Shadows of the Damned is a prime example of why the old adage of “don’t judge a book by it’s cover” still rings true. Not so much because people are generally too quick to judge, but rather because said cover can often contain blatantly obvious lies, which can quickly lead one’s judgement astray, based on the obvious inaccuracies presented by the tag phrases on the back of the box. Wonder why? Read about it after the break.
I found myself in an odd predicament when Lord Prawn gave me Shadows of the Damned to review, as the box-art didn’t exactly fill me with inspiration to even pop the game into my console, never mind actually finishing it for a review. It’s a good thing, then that I ignored the blurb on the back, and ventured valiantly onwards into the bizarre and surprisingly entertaining world that is Shadows of the Damned. Sometimes it’s better to start completely fresh with a game, having absolutely no idea what it’s about, instead of being let down by months and months of hype.
My initial fears were mostly related to the following…
“A psychological action thriller from Suda 51: Director of No More Heroes, Shinji Mikami: Director of Resident Evil 4 and Akira Yamaoka: Sound Director of Silent Hill”
I enjoyed No More Heroes for the short time I had spent with it when I still had a Wii, as utterly bizarre and over the top as it was, it was refreshing and the first genuinely adult waggle-game. Resident Evil 4, much like Resident Evil 5 I absolutely despised, much like I do most Capcom games, for it’s obviously broken Japanese logic and design. And as for the mention of Silent Hill, I expected to spend hours on end, listening to radio static.
Fortunately, as I mentioned earlier, game covers can often be rife with false advertising leading to bad assumptions, which is exactly what happened here. This game is not a psychological action thriller by any means, but rather a bizarre shoot-em-up with some very dark, very innuendo-laden humour. It’s a whole lot more comedy than it is thriller of any sort, never mind psychological. Imagine if Dead Space were designed by Monty Python, and you’ll start to get an idea of what Shadows of the Damned is about. It consists of the most bizarre mixture of components that you could ever imagine anyone could make work together, but it does so unbelievably well. Imagine taking the movies Desperado and From Dusk Till Dawn, throwing in a swig of Ghost Rider, then liberally pouring some Gears of War, Final Fantasy, Dead Space, and Devil May Cry into the same pot. Now go one step further and add any random porno of your choosing into the mix [Ed: Debbie Does Hell, perhaps?], and you’ve got more or less an idea of the kind of crazy that you’ll find in this title.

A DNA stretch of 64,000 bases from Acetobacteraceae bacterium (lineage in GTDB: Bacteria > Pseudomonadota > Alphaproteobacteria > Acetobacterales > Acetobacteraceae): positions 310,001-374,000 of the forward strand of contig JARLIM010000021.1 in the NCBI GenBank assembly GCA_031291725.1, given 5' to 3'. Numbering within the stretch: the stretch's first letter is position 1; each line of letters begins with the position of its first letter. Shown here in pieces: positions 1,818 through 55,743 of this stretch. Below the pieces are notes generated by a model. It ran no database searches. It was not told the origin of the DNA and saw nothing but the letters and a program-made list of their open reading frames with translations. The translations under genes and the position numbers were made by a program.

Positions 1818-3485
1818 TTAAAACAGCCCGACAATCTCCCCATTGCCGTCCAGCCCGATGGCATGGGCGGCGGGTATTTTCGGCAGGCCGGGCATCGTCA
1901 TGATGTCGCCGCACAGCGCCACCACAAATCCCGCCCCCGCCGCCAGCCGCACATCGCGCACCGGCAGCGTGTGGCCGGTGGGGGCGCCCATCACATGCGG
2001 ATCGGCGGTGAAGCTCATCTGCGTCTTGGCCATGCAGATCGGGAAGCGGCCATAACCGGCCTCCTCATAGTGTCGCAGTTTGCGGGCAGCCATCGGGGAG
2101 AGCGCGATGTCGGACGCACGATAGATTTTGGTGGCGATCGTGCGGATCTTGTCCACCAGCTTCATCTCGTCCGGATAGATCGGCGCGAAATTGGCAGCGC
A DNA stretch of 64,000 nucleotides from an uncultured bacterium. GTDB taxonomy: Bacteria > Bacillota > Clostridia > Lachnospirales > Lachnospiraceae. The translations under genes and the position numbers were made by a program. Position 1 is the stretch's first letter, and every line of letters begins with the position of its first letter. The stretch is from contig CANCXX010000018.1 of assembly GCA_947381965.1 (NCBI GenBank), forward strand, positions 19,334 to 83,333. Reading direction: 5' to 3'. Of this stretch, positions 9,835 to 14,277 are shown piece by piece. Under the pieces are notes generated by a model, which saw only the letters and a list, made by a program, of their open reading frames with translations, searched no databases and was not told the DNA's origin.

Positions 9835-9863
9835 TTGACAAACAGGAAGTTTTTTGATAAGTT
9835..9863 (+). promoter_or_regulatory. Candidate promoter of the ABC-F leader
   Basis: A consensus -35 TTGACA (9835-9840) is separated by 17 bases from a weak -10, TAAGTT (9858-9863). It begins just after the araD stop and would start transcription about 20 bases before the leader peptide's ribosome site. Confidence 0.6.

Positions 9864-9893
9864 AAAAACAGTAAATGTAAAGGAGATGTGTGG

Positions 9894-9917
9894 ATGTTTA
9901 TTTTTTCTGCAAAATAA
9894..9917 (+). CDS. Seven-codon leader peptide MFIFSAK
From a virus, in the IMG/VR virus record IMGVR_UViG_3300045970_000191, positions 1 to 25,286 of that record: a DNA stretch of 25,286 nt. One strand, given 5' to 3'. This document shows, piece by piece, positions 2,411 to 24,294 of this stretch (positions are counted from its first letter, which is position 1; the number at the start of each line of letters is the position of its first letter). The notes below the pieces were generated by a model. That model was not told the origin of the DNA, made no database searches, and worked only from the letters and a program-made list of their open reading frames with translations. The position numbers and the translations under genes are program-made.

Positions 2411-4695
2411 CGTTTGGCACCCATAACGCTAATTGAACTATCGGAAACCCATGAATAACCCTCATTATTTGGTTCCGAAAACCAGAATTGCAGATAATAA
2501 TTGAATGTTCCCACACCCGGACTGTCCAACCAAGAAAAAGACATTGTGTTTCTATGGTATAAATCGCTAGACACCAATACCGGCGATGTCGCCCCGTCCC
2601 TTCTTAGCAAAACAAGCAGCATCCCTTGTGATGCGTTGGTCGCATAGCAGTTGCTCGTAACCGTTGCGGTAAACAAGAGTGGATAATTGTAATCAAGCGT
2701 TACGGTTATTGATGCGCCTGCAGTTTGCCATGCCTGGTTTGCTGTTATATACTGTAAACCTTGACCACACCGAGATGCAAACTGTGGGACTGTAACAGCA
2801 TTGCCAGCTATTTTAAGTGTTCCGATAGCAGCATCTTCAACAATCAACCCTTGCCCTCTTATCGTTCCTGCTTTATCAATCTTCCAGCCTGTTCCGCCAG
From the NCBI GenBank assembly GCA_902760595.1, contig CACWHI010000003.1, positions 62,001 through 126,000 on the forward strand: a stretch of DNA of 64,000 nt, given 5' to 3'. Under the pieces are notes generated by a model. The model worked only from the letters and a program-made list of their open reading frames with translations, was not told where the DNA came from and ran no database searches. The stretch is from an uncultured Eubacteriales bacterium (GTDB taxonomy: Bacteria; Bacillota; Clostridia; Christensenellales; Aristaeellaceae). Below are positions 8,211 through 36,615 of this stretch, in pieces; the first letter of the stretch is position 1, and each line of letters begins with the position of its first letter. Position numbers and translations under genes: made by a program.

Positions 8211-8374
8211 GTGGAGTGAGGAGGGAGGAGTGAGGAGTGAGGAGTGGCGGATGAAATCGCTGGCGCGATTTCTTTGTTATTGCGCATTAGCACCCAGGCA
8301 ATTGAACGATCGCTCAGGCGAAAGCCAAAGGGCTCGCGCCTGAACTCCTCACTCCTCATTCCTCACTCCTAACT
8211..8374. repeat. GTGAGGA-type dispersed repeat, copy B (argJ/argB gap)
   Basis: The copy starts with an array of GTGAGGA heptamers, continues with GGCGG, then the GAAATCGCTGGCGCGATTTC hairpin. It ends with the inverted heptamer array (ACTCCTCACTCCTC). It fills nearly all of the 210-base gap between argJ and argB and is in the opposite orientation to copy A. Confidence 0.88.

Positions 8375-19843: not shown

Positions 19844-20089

You start off the game on what appears to be a relatively serious note, when Garcia Hotspur, our Spanish hero (yes that’s right: Spanish!) is approaching a demon lying on the floor of a back alley, whom he has just half murdered and is about to put out of its misery when the usual “you’ll never defeat all of us” conversation ensues. Soon after that, hell quite literally breaks loose, and the piss-taking that is the entire game commences. Each and every time you think it’s time to take things seriously, the game throws something new and utterly ridiculous at you. Don’t get me wrong, this is not a bad thing at all, it’s unbelievably entertaining and at times so funny that you cry with laughter. It’s often cheesy, but just enough that it doesn’t present itself as a Duke Nukem-like try-too-hard. An example would be the little winged demon, who poops himself when you reach a checkpoint; it never gets old, and you find yourself chuckling each and every time.
When you first gain control of the character, presented in a third-person over the shoulder fashion, much like Gears of War, a tutorial is presented on the fly, showing keys required for different actions as you play. A handful of demons attack immediately, and you very quickly realise that this game requires pixel-perfect accuracy to hit targets, making headshots a surprise, more than a frequent occurrence. The aiming and combat system is about as much as this game has in common with Resident Evil. It’s incredibly slow, and zoomed in way too far, so that you can’t see anything happening around you while aiming your weapon. There’s also no blind fire, so it can be rather unwieldy to deal with multiple enemies at the same time.
Moments later the sexual innuendo rife throughout the game get thrown around by Fleming, the demonic antagonist of Shadows of the Damned, when he murders Garcia’s girlfriend Paula in front of his eyes, and promises to have her die a thousand deaths if Garcia doesn’t succumb to his will. Needless to say, Garcia doesn’t, otherwise this would have been the shortest game in history. Paula gets whisked away to the underworld, and of course Garcia goes flying through the wormhole after her. And that’s when the game actually starts, and where you are introduced to Johnson, as in Garcia’s Johnson [Ed: Not his Purple-Headed Warrior?]…yes that’s the kind of humour you should expect from this one. Johnson is an ex-demon of some sort, who has at some point become Garcia’s sidekick. Sadly Johnson’s story never really gets explained throughout the game, but there is a Johnsonopedia in the pause menu that might fill in some details. Johnson is effectively Hotspur’s weapon of choice, and mutates into a variety of different devices, which add some variety and spice to it all. Most of the time he is a flaming (possibly homosexual) skull torch, which you carry around in your hand and can also use for melee attacks.
The review continues on page two…